New York Times
by Ashlee Vance
June 6th 2009
Stanford dish part of weekend festival of moon talking
Dogs bay at it. Lovers swoon under it. And some people like to bounce their voices off it.
The first two are easy, but sending a voice signal 239,200 miles to the moon and back is not quite as simple.
Today, amateur radio buffs or “hams,” as they call themselves, will hold a global bounce-fest, using as many giant parabolic antenna radio telescopes as they can borrow around the world.
One of them is located on a hill overlooking Stanford University’s campus and will serve as the command center for the weekend’s event.
Not that one needs an excuse to hold a moon-bounce, but this one is being held as a kind of advance celebration of the 40th anniversary next month of the Apollo 11 mission.
Moon-bouncing, also known as Earth-Moon-Earth communications, or EME — requires a higher grade of ham-radio technology than that used for traditional Earthbound communication across parts of the radio spectrum approved by governments for amateur use. Only about 1,000 hams worldwide have stations capable of moon-bouncing.
Skill and luck also help. As the hams say, the moon is a poor sounding board because it is spinning and has a rough surface that can disrupt signals. The hams’ voices must survive atmospheric interference over the long round-trip journey in a discernible form.
“It’s the equivalent of climbing Mount Everest in amateur radio,” said Joseph H. Taylor Jr., a Nobel Prize winner and retired physics professor from Princeton University who has written software to help radio buffs communicate via weak signals. “It’s possible, but only barely possible.”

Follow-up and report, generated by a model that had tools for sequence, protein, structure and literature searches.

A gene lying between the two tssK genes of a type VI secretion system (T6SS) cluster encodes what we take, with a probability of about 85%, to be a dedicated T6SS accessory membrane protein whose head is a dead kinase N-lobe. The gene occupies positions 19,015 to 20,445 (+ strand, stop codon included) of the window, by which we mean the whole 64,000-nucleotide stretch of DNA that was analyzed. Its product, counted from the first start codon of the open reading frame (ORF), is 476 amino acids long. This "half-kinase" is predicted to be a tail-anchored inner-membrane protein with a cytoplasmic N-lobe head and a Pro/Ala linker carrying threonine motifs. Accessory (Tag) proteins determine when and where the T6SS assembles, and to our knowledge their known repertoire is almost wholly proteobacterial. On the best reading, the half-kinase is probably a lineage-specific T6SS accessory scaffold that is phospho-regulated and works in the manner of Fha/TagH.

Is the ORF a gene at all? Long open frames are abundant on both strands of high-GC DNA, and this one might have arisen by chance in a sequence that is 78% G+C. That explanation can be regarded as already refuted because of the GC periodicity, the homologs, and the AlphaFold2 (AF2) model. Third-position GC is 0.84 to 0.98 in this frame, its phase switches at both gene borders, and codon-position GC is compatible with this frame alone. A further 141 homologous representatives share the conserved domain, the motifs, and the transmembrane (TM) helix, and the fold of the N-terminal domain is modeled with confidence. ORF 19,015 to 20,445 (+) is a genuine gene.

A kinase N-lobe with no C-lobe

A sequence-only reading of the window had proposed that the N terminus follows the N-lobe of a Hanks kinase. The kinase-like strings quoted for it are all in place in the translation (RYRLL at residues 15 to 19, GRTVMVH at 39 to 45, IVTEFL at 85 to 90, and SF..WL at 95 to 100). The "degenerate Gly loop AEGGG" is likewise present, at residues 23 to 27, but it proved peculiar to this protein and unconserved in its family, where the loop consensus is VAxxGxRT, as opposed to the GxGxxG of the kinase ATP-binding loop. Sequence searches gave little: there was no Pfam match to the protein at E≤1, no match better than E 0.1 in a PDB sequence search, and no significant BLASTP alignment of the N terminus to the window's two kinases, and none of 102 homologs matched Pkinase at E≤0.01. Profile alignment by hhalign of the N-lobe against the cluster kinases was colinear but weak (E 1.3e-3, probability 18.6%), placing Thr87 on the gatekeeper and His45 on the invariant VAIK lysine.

Large dishes like those owned by the government and communications companies can solve many of these problems by making it easier to send and receive signals. That’s why the hobbyists have searched out retired or rarely used dishes for their moon-bounce Super Bowl. So far, operators of about 20 large dishes in the United States, Australia and Europe have agreed to participate in the event.
At Stanford, the 150-foot-wide antenna known simply as the Dish is owned by the federal government and will be outfitted with special equipment and a computerized tracking system to keep a powerful, focused signal on the moon.
A handful of radio enthusiasts has been working on the structure over the last few weeks, huddling inside a central command center below the towering, rusting web of metal. They gathered around whirring communications gear as if it were a campfire and chortled with satisfaction when their “hellos” bounced back from the moon 2.5 seconds later.
There is a point to the effort beyond the “because it’s there” challenge.
The hams also hope to inspire young technology buffs. “People think of ham radio as something Grandpa did down in the basement while he smoked and talked to people around the world,” said Pat Barthelow, who has organized the worldwide moon-bounce, called Echoes of Apollo. “I think moon-bounce retains an exoticness and difficulty that can hook some people and bring ham radio into the modern era.”
Creating a homemade radio capable of hitting the moon can require years of tweaking custom components. The setups cost $200 to $2,000.
The U.S. military began bouncing radio signals off the moon in the 1950s as a means of communicating over long distances when other transmission methods were hampered by atmospheric disruptions. By the mid-1960s, operators at large dishes started building amateur systems capable of moon-bouncing. In 1964, Michael Staal accomplished the feat, linking a setup at Stanford to another one in Australia.
“I got famous very quickly,” said Staal, who sells antennas to ham radio operators.
Moon-bouncers often hold contests where they must hunt around different frequencies and both send and receive a signal with another station, logging their activities for review. They’re forbidden from communicating with one another via nonlunar means during the contests, and often win a certificate or free subscription to a ham magazine as prizes for making contact with as many others hams as they can.
“It is the thrill of pulling a weak signal out from a long distance that excites the amateur radio folks,” said Jim Klassen, a ham in Reedley.